10. There may be other "content providers" I prefer to follow but like the rest of us, I avidly devour all new Lotus content and Tyler (AKA "The Virgin") has enough experience with other supercars to winnow the wheat from chaff. Ignore a few of the (expected) minor errors and enjoy the rave.
  11. A four banger Evora based car as the new interim entry will greatly strengthen potential for the future collectibility of current 4XX models so bring it on.
  12. Exactly. That said, I put more miles on my 400 than I do on my GTI which is my daily. The Evora gets used on glorious days or special occasions pretty much as I would use any such car be it a Corvette, Porsche or Audi R8. Why waste it on mundane use? When I do use it, it's for pure pleasure and it gets driven in a manner befitting my intent which unsurprisingly was exactly my purpose in buying it in the first place. It was never expected to be anything else. Enjoyed in this way, I can still sit in my garage two years after acquisition and look at it after a hot drive while I soak up the special that oozes out of it. And yet, unlike so many poseurs, it can be driven anywhere, anytime and be enjoyed as reasonably practical transport for two people and a week's worth of luggage. It's so much better used that way than anybody unaware of its qualities might ever imagine.
  13. Ferrari and Lamborghini don't need to prove anything to anybody to sell their cars. They have market support systems in place, generally good resale values and will sell every car they build. Lotus can't claim these things, most importantly as regards support and market visibility. Both Lamborghini and Ferrari (Lambo especially) have benefited by their associations with larger parents, but their renaissances are now well established and they are reaping the benefits of customer acceptance, desirable and recognizable products and prestige brand names. Comparing them and their evolving strategies or how they go to market at this point isn't fair to them or Lotus. It's true that we don't need to know minute details of Lotus' long term product plans or the specs of future cars. What we as owners would like to know is that every late model production Lotus car will get the immediate support that such a purchase deserves. When Lotus releases the news of support developments here that at bare minimum measure up to what exists in Great Britain, I'll be content to wait in the wings for the new exciting products while I enjoy the one I just bought. A bit cynical? Perhaps. But I have faith the brand can be reestablished and optimized for growth if that is what is wanted but how about implementing the backbone of the strategy while we await new model announcements? Lotus need to start building the foundations now, and if they are already working on that, to let us in on it. I really hope there is more to the picture than what new car is coming in 2020. In other words, .some assurances that existing owners and product will be well supported and that we will be more than an asterisk in the future. We have a good product here. We need the resources to develop a smart management plan for it that can be a foundation for all future developments. I know I sound like a broken record but I really think that's "job one" and the most important good news they can release to me.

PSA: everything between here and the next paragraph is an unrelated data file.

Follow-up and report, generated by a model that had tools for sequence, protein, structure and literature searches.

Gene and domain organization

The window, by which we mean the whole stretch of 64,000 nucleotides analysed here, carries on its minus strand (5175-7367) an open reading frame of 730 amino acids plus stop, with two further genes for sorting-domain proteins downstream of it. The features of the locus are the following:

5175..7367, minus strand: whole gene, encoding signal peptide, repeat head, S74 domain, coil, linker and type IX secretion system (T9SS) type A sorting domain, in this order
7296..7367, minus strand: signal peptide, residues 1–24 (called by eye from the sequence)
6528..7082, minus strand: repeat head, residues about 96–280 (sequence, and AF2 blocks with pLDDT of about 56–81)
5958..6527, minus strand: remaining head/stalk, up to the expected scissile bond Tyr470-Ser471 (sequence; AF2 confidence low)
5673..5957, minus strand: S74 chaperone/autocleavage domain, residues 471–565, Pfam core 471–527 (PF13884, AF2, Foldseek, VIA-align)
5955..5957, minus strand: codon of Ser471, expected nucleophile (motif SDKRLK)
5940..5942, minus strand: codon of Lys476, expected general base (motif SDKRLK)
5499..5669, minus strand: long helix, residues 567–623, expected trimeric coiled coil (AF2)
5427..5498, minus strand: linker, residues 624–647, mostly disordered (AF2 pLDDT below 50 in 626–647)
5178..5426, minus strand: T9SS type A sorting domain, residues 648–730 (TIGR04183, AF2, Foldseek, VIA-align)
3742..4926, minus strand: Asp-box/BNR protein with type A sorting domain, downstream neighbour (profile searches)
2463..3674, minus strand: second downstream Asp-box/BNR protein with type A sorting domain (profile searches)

14. Two words say it all. Space Force.
×
×
  • Create New...